What is environmentally-friendly landscaping? Also known as greenscaping, it's a way to protect and preserve the environment while improving the health and maintaining the appearance of your property. If that sounds a bit overwhelming, relax. Chances are, you might already be practicing some aspects of greenscaping.
Embracing Greenscaping For the Planet and Yourself
You may be wondering, “What are the environmental benefits of green landscaping?” The list is long, but in a nutshell:
- Cleaner water
- Less pollution
- Preservation of native species
- Improved pollination
- Less waste in landfills
As a home gardener, you can benefit the environment by adopting greenscaping practices. And remember, it's not an all or nothing commitment. Every measure you take to protect the environment is a step in the right direction. What’s more, you may discover that by embracing greenscaping, your property is easier and less expensive to maintain.
Ways to Create and Maintain Green Landscapes
- Consider adding more native plants -- Native species are better adapted to the climate in your backyard than plants introduced from other parts of the world. Not only do native plants require less maintenance, but they add to the natural ecosystem. This provides food and shelter for native species of beneficial insects, songbirds and small animals.
- Plant wisely -- If you can't resist the temptation to showcase non-native ornamentals, choose a location in the yard which best matches the plant's growing requirements. For instance, planting a water-loving species in an area of the yard which tends to stay moist will reduce the amount of supplemental water the plant needs to survive.
- Water only when needed -- During dry periods, many plants need supplemental water to stay healthy. Plants also need extra water when they are becoming established after transplanting or germinating. To conserve this natural resource, limit watering to those times when plants truly need it.
- Water wisely -- When watering is necessary, consider using a watering can or hose to apply water to the soil around the base of the plant. Although plants can absorb water through their leaves, it's much more efficient for the plant to take in water through its roots. Remember to water deeply, but less frequently.
- Collect rainwater -- Each year, thousands of gallons of rain water hits your roof and ends up in storm drains. Why not collect this water and use it in the garden? Homeowners can redirect the gutters currently on their home to contain the water in a rain barrel or storage tank.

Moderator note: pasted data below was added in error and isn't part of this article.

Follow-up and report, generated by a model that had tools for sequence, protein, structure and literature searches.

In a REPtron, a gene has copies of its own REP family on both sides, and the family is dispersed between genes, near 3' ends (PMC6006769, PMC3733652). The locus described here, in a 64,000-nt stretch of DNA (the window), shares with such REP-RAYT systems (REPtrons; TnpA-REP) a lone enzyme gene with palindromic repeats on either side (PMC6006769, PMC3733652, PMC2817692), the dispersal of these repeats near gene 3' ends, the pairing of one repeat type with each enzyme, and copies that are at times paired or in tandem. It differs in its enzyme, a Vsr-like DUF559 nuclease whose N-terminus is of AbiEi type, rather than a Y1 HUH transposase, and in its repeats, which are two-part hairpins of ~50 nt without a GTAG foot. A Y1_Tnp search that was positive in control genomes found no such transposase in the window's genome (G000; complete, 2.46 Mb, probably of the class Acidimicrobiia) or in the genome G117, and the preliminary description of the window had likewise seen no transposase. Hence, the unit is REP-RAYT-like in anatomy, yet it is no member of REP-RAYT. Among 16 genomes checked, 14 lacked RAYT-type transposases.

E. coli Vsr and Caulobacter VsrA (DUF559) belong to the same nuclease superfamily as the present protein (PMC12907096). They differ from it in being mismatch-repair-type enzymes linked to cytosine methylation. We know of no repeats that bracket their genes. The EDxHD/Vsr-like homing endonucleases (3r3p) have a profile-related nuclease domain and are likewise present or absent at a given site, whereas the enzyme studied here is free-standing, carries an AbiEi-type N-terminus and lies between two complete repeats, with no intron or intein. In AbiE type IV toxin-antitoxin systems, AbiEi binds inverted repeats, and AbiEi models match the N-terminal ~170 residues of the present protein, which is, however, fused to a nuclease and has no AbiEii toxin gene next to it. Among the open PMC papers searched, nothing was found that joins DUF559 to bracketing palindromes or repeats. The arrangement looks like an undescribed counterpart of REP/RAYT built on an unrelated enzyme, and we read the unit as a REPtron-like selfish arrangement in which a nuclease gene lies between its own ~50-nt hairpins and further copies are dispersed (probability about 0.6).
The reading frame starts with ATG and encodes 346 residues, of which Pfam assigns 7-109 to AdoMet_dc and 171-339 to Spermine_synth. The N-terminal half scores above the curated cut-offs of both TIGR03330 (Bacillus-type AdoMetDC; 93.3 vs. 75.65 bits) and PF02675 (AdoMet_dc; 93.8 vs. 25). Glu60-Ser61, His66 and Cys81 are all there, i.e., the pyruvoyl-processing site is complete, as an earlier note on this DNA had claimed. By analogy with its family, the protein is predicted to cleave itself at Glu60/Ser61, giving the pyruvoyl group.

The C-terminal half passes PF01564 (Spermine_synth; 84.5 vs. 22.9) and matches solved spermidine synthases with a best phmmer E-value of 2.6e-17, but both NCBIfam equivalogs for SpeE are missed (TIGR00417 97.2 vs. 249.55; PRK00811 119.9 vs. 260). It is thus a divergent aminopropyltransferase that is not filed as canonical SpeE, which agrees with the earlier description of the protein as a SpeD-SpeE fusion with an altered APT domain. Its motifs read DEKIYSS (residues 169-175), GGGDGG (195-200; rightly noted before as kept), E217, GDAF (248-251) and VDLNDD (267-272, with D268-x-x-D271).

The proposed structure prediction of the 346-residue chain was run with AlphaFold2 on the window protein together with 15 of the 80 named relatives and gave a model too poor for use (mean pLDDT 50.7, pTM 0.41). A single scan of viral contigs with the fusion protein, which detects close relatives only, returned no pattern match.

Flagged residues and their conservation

- Greencycle your grass clippings -- Cutting your lawn at the proper height allows homeowners to leave the clippings lying on the grass. This returns nutrients back to the lawn and reduces the amount of fertilizer needed. This time-saving method also reduces fuel consumption and air pollution.
- Recycle lawn waste -- If you find it necessary to collect grass clippings, consider adding them to the compost bin or using them as mulch for the vegetable garden. Fall leaves can be composted or used as mulch around trees and plants. Shred or chip pruned tree branches for mulch or weave them into a trellis or fence around your flower beds to create earth-friendly, eco landscaping.
- Start a compost bin -- You don't need grass, leaves or farm animal manure to benefit from composting. Vegetable scraps from the kitchen, coffee grounds, lint, shredded junk mail and used hamster bedding are just a few of the household items which can be composted. It keeps these items out of landfills and provides beneficial nutrients for houseplants as well as those growing outdoors.
- Use organic fertilizers -- Rather than purchasing synthetic fertilizers to supplement the nutritional needs of your plants, consider using compost or farm animal manure to amend the soil. Commercially available by-products, like bone meal or blood meal, and materials like fish emulsion, worm castings or guano are an environmentally-friendly second choice.
- Choose resistant cultivars -- Rather than constantly battling pests and diseases, choose varieties of your favorite veggies and flowers which have been bred to be disease or pest resistant. This not only saves you time and money, but leads to more favorable, eco-friendly landscaping.
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Laura Miller has been gardening all her life. Holding a degree in Biology, Nutrition, and Agriculture, Laura's area of expertise is vegetables, herbs, and all things edible. She lives in Ohio.